Abby: Speaking of Newton, I kind of felt like he got a bit of the Bronte sisters male-love-interest treatment. As far as anyone can tell, Newton was an enormous asshole. In this, he’s kind of an appealing brooding hero guy. I'd probably get this version of him in the inevitable Buzzfeed quiz, "Which Dreamy Scientist From History Is Your Secret Crush?" 

Danielle: Buzzfeed, take note please. An yes, I think the downside of introducing these scientists as a batch of historical badasses is that they each takes on a defined persona -- which is a compelling narrative tool but, perhaps, a bit intellectually dishonest. The story of Edmond Halley sticking by his downtrodden pal and standing up to those idiots at the Royal Society who spent all of their money on 'The History of Fishes' (!) makes for good television. But Tyson is good at teasing out the nuances and complexities in complicated ideas, and I wish there was more of that in his treatment of history. Also, can we please talk about The History of Fishes?

Abby: I thought you’d never ask. So I looked it up, and basically Cosmos got this weird, entertaining story correct. Historia Piscium was the Gigli of the Royal Society, and it was such a flop that it almost prevented the publication of Principia Mathematica. Its lavish illustrations ate up the annual budget of the organization, bringing it perilously close to financial ruin. If you want to take a look for yourself, there are a bunch of images (of quite nice-looking fish) online at the Royal Society’s site.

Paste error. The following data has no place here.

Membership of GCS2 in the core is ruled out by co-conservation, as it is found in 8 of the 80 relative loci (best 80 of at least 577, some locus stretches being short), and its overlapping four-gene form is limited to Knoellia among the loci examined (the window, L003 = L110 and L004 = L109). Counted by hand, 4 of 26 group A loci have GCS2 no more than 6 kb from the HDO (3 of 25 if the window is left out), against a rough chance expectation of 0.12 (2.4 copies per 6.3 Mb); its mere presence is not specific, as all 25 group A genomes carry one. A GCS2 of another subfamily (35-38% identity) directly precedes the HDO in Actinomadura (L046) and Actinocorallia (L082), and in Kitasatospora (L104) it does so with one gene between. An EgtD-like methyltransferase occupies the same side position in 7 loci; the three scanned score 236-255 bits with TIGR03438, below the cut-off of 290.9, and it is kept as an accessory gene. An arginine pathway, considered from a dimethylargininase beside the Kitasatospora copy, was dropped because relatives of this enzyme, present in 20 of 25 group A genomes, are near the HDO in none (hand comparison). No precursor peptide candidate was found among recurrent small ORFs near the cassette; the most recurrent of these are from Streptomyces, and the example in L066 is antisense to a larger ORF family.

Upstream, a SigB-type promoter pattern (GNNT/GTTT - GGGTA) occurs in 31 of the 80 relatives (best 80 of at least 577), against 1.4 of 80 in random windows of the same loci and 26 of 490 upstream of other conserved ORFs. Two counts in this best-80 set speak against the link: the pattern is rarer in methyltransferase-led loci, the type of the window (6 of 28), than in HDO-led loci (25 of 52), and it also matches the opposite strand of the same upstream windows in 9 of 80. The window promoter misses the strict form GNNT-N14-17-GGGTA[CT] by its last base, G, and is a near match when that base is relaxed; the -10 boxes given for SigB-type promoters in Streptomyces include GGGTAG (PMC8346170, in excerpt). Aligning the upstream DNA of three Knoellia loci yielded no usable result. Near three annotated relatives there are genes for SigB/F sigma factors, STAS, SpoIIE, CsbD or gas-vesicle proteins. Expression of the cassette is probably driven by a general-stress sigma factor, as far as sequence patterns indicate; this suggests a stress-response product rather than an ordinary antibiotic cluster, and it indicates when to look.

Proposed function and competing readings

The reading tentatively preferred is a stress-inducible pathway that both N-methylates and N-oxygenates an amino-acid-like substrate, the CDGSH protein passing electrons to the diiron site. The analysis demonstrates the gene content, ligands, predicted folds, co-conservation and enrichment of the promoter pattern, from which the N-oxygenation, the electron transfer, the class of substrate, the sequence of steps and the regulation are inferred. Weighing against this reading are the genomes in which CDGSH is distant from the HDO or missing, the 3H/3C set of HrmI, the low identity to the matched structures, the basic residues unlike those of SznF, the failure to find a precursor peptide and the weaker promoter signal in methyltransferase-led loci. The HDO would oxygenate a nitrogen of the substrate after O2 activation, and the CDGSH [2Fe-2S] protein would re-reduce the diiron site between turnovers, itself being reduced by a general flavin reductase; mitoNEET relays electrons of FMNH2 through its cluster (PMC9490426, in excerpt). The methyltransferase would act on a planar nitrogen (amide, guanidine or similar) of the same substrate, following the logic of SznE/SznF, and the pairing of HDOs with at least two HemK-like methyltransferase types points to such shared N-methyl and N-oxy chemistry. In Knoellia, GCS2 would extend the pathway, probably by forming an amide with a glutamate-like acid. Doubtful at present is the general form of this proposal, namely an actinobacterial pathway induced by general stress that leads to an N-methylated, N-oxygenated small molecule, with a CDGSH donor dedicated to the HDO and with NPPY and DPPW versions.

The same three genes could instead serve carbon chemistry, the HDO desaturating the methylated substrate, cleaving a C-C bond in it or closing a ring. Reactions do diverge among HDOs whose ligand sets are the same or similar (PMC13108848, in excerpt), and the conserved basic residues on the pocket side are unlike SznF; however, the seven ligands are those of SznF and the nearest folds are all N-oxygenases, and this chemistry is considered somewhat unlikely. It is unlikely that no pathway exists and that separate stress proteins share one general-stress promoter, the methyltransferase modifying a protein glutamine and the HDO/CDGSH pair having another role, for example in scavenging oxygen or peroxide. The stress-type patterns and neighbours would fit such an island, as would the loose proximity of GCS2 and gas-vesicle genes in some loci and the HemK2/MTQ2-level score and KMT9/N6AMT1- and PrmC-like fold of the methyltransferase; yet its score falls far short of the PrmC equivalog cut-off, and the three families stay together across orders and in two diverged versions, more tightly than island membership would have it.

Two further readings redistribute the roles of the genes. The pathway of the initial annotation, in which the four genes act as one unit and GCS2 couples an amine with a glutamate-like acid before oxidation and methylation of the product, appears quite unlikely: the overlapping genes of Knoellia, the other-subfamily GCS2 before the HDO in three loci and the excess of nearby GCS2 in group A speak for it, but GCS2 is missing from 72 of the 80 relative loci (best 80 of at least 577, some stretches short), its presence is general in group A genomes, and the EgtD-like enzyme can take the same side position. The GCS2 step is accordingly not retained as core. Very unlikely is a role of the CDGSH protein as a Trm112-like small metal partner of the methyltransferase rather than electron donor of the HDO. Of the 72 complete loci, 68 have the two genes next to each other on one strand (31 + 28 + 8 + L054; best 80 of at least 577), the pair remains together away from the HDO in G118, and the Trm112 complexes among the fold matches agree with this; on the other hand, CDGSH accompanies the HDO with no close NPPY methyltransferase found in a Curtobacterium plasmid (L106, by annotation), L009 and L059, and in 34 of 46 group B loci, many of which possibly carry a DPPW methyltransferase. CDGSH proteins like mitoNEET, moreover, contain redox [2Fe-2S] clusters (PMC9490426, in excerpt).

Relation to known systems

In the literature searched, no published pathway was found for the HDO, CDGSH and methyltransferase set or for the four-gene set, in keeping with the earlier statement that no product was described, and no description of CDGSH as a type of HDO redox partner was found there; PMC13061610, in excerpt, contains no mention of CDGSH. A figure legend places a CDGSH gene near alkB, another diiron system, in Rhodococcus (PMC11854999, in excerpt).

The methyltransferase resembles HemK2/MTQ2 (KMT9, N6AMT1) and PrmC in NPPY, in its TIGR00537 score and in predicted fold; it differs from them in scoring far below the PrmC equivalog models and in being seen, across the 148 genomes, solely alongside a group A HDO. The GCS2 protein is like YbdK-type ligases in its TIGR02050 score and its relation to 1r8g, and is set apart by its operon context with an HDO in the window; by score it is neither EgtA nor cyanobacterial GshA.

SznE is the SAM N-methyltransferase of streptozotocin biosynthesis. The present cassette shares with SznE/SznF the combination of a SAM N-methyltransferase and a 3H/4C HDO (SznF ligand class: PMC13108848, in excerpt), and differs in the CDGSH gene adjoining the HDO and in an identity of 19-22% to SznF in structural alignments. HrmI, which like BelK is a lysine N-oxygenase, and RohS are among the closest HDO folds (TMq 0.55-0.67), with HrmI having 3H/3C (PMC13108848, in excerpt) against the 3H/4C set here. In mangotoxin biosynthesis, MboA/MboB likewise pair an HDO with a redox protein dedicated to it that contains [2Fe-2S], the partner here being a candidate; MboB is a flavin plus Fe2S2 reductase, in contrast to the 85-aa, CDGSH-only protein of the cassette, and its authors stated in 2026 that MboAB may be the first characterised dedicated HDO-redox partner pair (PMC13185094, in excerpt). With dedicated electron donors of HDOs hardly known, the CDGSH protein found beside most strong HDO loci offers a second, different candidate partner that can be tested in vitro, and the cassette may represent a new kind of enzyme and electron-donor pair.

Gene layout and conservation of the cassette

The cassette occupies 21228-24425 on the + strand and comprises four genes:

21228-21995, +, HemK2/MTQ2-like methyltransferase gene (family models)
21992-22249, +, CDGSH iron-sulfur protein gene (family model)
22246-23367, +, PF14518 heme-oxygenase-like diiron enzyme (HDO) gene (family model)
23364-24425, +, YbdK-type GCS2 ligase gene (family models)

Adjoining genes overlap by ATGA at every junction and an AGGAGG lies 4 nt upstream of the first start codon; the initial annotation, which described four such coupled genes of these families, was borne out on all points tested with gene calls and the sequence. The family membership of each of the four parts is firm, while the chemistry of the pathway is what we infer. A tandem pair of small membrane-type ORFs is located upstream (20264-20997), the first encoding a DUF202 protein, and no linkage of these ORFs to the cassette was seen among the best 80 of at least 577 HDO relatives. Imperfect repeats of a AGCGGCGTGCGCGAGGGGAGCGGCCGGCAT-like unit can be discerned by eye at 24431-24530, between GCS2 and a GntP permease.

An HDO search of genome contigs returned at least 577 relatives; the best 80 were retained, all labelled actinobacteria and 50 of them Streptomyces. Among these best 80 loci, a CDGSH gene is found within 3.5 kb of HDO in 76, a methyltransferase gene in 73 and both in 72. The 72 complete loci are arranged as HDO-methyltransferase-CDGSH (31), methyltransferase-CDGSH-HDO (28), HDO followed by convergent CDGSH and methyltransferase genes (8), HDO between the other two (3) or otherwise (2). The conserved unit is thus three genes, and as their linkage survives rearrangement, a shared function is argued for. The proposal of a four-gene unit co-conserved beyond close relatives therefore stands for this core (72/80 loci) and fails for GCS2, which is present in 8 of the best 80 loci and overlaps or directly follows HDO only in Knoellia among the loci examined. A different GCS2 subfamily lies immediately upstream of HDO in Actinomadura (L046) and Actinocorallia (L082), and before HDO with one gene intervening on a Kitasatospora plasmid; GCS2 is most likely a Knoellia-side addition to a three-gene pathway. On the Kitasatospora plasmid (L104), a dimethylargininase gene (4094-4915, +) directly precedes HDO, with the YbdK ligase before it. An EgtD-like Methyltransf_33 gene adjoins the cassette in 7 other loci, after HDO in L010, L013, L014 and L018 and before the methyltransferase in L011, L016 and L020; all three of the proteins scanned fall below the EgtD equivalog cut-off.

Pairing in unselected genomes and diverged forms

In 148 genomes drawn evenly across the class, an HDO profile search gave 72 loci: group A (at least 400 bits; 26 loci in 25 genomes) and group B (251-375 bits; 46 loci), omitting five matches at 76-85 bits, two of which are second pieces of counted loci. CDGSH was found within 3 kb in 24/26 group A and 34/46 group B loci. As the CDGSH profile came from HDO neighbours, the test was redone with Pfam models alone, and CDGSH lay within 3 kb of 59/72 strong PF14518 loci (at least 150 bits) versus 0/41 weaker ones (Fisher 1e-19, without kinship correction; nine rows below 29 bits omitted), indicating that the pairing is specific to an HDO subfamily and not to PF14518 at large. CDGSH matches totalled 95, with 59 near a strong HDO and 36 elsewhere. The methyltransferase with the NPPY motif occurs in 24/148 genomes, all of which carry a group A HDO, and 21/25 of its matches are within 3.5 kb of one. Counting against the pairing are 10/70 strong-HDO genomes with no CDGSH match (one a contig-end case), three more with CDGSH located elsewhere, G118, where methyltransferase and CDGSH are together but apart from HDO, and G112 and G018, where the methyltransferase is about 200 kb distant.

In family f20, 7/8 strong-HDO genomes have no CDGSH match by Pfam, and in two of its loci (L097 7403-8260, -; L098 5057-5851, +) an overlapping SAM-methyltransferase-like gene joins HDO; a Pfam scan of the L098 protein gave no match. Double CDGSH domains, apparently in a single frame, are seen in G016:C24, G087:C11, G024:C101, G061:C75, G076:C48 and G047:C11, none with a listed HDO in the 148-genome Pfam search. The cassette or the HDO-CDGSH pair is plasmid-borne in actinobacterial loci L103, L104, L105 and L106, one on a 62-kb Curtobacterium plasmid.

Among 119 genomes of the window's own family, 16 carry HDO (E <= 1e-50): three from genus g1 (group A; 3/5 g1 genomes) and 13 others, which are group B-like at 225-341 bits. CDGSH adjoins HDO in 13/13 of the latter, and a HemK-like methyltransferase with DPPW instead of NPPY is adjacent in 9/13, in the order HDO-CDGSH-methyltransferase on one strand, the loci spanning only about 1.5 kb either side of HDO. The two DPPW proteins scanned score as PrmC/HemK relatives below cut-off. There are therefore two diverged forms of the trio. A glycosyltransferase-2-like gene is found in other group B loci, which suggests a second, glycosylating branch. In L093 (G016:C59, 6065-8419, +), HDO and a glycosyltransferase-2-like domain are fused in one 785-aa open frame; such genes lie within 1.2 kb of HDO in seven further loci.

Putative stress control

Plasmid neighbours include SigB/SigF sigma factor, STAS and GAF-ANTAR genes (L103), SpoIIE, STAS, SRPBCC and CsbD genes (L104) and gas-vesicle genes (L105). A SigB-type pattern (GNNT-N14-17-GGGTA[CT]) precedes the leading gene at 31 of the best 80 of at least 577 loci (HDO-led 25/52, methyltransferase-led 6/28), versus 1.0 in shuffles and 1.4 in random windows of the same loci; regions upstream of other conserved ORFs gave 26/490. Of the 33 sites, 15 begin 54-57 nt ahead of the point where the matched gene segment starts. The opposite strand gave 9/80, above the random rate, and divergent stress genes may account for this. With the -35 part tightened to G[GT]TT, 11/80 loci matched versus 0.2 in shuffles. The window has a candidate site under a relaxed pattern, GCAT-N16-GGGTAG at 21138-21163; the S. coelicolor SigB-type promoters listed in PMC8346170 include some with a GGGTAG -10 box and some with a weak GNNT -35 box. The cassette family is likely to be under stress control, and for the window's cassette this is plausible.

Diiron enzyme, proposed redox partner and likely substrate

Danielle: That was absolutely my favorite part of the episode, and I'm glad the writers and producers had as much fun with it as they did. And I think that it managed to bring a bit of subtlety to Tyson's audience-directed criticism. If that lingering shot of Oort was direct censure, this was a bit more tongue-in-cheek -- without saying so directly, Tyson illustrated the notion that if we spend so much time, energy and pure capital on nonsense, we may very well actively hurt our wider community by neglecting important work.